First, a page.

The Dears / Favourite Sons

Northumbria University on Sat 21st Oct 2006

This is becoming a bit of a running joke. Pretty much every gig I go to in Newcastle seems to include The Minotaurs somewhere on the lineup. The good news is that they are wonderful, and are therefore always a welcome addition to the bill. The pure, folk-pop genius of this band is a sight to behold. Upcoming single 'Anyone Who Had A Heart' is once again the stand-out track, but everything is simply perfect, and for anyone missing The Beta Band, this lot might just be your new favourite band.

Next up is New York five piece, Favourite Sons. They play intelligent indie with an edge, but for me they never seem to reach the standard set by their predecessors this evening. Recent single 'Down Beside Your Beauty' stands out, but apart from that, it all seems a little underdone, which is a shame, as the songs themselves are very good indeed.

The Dears

Then I am hit by something. Having heard the fantastic new album 'Gang Of Losers', I was a little worried that The Dears couldn't pull it off live. How wrong I was. Live, the music is even more powerful than on record, and it quickly became a very special gig indeed.

The talent contained in the Montreal six-piece is simply breathtaking - frontman Murray Lightburn holds the small but dedicated crowd rapt, his voice soaring above the multi-layered soundscape created by his band. Special mention must go to Patrick Krief. His ability to take control of piercing feedback, and carve it into a thing of beauty is simply mesmerising.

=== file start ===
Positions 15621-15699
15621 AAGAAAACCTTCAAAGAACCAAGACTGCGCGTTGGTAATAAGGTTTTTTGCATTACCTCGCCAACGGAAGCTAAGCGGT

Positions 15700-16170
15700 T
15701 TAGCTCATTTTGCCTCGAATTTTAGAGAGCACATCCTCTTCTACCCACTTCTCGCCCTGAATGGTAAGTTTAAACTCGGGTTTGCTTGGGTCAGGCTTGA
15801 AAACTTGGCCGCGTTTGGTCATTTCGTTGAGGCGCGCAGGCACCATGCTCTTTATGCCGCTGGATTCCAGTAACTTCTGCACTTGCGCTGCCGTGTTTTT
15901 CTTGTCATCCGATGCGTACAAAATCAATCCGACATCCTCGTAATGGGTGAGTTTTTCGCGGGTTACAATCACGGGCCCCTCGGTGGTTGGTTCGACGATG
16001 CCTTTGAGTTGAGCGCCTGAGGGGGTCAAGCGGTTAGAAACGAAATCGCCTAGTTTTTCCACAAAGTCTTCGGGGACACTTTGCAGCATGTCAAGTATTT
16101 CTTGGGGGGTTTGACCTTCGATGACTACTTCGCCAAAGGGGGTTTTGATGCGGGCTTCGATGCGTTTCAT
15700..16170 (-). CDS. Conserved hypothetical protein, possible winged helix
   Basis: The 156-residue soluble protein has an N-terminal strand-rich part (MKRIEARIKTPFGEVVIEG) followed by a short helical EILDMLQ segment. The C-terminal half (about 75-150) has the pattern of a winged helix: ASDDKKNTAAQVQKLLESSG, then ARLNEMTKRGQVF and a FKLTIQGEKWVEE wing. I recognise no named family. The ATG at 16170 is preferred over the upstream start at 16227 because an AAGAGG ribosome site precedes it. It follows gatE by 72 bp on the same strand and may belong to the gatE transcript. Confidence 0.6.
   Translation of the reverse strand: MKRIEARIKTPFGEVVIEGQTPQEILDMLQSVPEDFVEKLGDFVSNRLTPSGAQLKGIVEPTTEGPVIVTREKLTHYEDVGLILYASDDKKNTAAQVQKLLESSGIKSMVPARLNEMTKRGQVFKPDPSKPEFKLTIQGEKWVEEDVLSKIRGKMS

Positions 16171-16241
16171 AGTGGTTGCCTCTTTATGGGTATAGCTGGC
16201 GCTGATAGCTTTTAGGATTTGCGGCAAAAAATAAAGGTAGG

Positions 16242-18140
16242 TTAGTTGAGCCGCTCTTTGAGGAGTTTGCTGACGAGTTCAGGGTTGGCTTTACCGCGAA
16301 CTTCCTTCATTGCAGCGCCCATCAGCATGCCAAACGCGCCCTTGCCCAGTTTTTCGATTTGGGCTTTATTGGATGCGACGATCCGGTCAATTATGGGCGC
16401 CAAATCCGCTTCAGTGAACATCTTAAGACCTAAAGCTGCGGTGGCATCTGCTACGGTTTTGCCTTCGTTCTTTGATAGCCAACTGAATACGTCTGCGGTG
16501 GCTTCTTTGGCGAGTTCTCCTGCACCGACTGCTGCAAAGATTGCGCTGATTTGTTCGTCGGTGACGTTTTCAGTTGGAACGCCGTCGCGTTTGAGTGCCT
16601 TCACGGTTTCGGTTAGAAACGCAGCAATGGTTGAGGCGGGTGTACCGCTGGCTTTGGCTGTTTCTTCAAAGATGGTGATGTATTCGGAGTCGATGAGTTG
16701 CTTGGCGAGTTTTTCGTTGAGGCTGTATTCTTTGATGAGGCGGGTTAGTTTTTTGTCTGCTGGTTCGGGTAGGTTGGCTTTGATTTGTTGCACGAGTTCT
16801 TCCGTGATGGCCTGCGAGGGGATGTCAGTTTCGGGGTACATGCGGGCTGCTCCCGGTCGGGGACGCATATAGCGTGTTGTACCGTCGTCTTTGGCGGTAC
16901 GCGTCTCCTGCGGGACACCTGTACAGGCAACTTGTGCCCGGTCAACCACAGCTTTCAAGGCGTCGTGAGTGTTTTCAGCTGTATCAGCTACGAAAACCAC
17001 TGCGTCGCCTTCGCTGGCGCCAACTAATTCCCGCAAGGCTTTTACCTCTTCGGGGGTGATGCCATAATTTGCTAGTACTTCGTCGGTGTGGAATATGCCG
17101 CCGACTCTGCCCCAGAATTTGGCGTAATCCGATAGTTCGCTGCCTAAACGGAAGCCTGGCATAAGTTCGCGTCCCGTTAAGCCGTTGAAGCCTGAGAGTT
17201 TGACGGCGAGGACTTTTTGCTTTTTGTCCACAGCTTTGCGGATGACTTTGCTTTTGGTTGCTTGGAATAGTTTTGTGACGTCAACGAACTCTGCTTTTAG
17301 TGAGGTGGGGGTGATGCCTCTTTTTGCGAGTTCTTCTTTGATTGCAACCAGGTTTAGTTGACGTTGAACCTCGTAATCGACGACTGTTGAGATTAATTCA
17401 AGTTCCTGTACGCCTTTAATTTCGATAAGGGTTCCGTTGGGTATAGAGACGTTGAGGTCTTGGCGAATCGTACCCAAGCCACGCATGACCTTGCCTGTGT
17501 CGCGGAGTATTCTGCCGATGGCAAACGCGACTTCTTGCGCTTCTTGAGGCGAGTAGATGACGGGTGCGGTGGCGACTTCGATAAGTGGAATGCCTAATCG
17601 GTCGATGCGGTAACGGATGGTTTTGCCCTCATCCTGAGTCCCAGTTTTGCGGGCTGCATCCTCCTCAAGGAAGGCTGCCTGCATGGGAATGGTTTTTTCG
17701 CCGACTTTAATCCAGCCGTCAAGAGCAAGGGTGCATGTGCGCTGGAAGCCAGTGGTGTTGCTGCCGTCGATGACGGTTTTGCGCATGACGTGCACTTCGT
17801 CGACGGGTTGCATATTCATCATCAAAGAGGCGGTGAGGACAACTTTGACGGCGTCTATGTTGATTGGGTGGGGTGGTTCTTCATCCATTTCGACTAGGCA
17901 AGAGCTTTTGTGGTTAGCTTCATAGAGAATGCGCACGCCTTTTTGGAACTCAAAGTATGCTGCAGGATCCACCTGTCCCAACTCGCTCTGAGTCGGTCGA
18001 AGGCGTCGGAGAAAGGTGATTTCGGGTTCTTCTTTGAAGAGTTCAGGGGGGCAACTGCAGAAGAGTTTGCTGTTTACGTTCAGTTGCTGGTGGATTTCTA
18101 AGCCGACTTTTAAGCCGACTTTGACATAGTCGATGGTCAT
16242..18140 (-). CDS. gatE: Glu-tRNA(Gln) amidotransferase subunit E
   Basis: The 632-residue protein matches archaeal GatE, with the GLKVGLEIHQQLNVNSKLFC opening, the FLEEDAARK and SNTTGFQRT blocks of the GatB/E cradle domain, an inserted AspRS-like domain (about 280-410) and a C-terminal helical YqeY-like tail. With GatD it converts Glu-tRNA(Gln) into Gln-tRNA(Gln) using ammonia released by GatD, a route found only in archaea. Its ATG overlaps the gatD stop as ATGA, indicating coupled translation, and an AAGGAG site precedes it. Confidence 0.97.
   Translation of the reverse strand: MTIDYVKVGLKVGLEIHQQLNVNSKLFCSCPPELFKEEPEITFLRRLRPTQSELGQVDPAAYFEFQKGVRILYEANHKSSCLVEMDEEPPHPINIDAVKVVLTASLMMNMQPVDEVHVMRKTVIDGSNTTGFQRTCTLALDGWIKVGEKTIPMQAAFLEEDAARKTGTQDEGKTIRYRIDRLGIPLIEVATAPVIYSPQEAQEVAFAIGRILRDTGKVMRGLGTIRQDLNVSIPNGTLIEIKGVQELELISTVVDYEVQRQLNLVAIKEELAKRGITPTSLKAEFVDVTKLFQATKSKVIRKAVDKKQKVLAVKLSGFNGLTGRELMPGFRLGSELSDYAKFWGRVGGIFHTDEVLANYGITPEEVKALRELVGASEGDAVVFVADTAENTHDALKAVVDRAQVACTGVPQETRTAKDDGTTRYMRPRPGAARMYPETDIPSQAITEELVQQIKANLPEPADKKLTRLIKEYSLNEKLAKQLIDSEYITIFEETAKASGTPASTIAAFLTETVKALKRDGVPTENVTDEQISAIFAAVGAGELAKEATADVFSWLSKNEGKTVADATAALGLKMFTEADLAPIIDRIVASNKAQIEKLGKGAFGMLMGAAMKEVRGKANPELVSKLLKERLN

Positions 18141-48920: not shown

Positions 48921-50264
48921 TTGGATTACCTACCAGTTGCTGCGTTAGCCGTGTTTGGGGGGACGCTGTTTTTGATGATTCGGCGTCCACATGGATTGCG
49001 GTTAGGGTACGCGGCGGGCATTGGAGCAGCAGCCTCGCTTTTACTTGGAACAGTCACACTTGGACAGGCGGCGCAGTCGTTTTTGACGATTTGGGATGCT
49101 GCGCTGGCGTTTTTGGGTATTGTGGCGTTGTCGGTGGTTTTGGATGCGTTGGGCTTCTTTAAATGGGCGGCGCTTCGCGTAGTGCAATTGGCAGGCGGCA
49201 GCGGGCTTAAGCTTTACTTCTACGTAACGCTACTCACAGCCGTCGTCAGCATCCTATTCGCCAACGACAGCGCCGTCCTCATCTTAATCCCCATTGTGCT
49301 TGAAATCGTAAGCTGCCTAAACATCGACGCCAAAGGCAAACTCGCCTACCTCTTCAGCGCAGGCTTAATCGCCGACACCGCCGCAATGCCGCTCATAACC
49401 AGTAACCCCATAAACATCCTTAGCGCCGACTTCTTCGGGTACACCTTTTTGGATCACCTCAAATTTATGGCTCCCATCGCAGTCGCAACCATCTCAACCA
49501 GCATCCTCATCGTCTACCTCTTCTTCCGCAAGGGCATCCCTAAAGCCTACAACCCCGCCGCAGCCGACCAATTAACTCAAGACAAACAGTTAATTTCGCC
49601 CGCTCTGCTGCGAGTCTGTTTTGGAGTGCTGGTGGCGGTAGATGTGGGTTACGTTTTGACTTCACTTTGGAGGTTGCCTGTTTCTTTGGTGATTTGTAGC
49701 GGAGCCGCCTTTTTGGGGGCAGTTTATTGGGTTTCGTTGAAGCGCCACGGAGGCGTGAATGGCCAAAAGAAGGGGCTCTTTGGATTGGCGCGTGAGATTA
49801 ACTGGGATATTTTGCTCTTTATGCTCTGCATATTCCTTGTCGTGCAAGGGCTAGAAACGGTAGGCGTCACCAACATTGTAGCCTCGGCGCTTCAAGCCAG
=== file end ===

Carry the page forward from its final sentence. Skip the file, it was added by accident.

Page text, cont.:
The Dears

Along with the musicianship, the music is simply breathtaking. An extended, tortured take on 'Death Or Life We Want You' stands head and shoulders above the rest of the set, which is high praise indeed when the material is this good. Other highlights of the set include the enchanting 'Lost in The Plot'; 'Hate Then Love', which shows a softer side of this great band; and the pariah's call to arms which is 'You And I Are A Gang Of Losers', a beautiful, heartfelt lament on always being the outsider.

Quite often I hear a band, and wonder how they got anywhere. Many of the current crop of talent-hungry indie fodder spring to mind. Tonight though, the inverse is true. In The Dears, there is a band making intelligent, magnificent music, which excites and inspires in equal measures. Quite how this band are not selling out stadia I do not know.

article by: Tommy Jackson

photos by: Tommy Jackson

published: 21/10/2006 17:48

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